How to Stop a Conflict Before it Starts
Using Preventative Mediation
Many potential conflicts can be stopped before they escalate by applying a concept known as preventative mediation.
Learn how to stop conflicts before they start to escalate. Learn to recognize potential workplace and personal conflicts and to take the actions to stop them. Use these preventative mediation ideas to improve your leadership and communication skills.
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This approach is NOT about avoiding conflicts.
This lens is about the skills and approaches necessary to head-off conflicts before they grow out-of-control.
Preventative Action to Stop Conflicts Before They Happen
The ability to stop conflicts before they happen rests on four Rules of Engagement:
- Do not "walk-away" from the potential conflict. Stay engaged with the other person, and control your "flight" response.
- Do not resort to "power-plays" towards the other person. Control your "fight" response.
- Take some risks. Recognize when the other person has a valid point. Acknowledge their feelings, even if you don't agree with their perspective.
- Resist the urge to exploit the other person's risk taking. Acknowledge their moves towards you.
If you learn to apply these four rules, you will experience the following results in the vast majority of situations.
- When you stay engaged, you show the desire to learn from the other person's perspective. You give them a chance to feel that you heard and understood them.
- When you avoid extreme emotional responses that lead to aggressive power-plays, you create a safe environment where the other person feels comfortable speaking with you.
- When you take risks, you trigger the other person's "inhibitory reflex." This is a natural reflex that causes most people to feel compelled to listen and acknowledge you after you have listened to and acknowledged them.
- When you gracefully accept their conciliatory gestures, you make it clear that your intentions are honorable. You communicate that you care about them as a person, even if you happen to disagree with their perspective or behavior.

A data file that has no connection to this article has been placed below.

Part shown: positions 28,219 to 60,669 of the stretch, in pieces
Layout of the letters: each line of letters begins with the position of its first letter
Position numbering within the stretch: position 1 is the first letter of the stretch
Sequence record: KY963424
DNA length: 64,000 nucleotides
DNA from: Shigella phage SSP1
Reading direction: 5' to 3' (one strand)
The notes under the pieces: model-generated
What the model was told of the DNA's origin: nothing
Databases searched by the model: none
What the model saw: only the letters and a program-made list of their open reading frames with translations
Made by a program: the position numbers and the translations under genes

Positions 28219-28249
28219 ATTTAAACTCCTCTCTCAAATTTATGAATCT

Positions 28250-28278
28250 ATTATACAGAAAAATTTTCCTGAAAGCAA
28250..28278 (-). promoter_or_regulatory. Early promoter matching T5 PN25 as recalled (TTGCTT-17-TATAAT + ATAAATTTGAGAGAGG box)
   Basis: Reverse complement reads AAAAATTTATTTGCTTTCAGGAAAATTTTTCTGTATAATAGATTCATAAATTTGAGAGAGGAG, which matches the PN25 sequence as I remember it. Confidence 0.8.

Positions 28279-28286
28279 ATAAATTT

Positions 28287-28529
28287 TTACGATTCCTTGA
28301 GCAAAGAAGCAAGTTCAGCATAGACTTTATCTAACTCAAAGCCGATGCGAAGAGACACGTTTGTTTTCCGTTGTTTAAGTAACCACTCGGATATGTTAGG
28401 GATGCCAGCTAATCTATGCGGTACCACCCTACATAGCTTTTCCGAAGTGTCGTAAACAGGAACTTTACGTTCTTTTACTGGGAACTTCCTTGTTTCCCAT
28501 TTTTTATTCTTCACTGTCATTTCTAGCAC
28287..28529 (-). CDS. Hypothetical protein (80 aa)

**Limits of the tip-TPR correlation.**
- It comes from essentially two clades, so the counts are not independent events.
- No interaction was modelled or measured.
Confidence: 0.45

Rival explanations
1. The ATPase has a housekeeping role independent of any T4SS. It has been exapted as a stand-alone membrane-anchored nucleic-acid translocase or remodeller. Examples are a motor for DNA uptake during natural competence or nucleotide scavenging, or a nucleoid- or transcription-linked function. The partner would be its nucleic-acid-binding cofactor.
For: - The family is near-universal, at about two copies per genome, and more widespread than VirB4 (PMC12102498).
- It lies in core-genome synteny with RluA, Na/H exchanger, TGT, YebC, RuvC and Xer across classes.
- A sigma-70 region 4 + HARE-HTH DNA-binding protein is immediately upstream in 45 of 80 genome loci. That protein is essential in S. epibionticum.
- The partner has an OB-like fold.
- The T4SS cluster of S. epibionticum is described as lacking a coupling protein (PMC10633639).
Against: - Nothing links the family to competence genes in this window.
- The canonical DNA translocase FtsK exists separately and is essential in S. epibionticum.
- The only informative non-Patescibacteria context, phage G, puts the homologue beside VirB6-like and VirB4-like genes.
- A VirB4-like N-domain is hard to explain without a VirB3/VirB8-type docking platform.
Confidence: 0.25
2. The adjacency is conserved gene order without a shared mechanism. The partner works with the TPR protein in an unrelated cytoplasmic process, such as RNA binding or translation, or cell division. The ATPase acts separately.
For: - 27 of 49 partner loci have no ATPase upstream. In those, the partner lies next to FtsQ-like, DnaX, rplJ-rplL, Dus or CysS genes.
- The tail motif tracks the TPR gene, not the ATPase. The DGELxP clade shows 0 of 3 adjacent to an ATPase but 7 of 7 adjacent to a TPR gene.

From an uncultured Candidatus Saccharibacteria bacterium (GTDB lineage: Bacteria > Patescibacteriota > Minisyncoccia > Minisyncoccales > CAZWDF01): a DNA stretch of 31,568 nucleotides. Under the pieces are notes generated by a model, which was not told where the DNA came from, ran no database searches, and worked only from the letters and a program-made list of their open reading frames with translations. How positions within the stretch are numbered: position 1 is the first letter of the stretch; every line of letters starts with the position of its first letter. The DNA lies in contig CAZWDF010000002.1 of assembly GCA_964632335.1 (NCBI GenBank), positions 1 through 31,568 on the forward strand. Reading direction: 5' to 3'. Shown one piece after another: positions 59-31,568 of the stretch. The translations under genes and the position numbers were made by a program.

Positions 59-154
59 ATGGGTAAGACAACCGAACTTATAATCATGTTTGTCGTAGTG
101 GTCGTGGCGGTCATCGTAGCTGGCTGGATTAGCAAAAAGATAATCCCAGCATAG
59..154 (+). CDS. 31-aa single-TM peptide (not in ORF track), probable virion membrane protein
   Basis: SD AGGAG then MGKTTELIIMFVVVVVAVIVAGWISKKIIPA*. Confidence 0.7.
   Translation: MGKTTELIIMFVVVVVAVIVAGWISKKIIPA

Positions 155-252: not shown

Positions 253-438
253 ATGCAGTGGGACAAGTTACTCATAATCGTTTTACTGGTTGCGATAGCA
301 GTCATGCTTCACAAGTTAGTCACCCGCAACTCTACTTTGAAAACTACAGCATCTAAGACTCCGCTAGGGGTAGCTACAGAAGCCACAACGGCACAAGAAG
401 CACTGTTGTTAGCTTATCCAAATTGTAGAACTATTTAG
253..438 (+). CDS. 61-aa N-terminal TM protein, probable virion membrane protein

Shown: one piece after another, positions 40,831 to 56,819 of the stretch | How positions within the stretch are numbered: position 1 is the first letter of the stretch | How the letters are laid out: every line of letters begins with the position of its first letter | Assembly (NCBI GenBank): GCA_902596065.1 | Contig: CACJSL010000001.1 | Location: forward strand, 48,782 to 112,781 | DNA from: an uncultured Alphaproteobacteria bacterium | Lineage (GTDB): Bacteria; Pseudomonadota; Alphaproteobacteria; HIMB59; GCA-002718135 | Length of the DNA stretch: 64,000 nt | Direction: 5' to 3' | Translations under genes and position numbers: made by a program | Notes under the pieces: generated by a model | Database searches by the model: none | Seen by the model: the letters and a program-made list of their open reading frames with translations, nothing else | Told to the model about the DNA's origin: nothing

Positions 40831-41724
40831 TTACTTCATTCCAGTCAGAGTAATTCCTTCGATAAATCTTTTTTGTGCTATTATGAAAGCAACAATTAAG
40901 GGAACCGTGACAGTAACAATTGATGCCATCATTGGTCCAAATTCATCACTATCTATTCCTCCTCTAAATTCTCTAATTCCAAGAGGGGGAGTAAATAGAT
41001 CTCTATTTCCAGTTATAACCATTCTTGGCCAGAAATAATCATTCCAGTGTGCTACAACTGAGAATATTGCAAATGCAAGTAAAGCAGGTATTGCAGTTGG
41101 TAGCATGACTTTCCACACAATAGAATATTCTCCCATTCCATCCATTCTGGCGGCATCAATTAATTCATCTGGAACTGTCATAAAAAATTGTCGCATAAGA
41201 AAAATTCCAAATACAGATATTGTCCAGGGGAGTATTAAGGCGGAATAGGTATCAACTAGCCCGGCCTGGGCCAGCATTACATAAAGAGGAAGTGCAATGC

Ways of thinking to head-off conflicts:
Different is not a threat. Avoid saying that different is wrong.
Feelings are real. Angry is not necessarily bad.
I own my feelings. No one makes me angry. I experience anger because of my perception of a situation.
Learn To Respond Rather Than React
The most frequent question I receive with regard to conflict resolution is this:
"How do you remember the better ways to resolve conflict when you get caught off-guard, and you find yourself in a situation that you did not anticipate?"
Great question. I wish I could say that I had a perfect track record to point to in answering it. I have some approaches that usually work for me, and I still say and do things that escalate rather than resolve the conflicts in my life. However, I have learned one powerful thought that works really well to help me in these situations.
The best communication strategies and techniques for conflict resolution demand self-control and logical processing. In reality, most of us are not self-controlled or logical when we get caught unprepared or unaware.
In the "heat of the moment" we gravitate to emotional rather than rational thought. Since emotional thought tends to drive our reactions to situations, we often choose words and actions that actually increase the level of conflict rather than resolve it.
- We feel pushed, so we push.
- We feel attacked, so we attack.
- We feel criticized, so we criticize.
If asked in a non-stressed, rational moment, we probably know exactly how to handle a situation. Then we find ourselves in an emotionally charged conflict of ideas or wills, and we forget the strategies we learned in calmer times.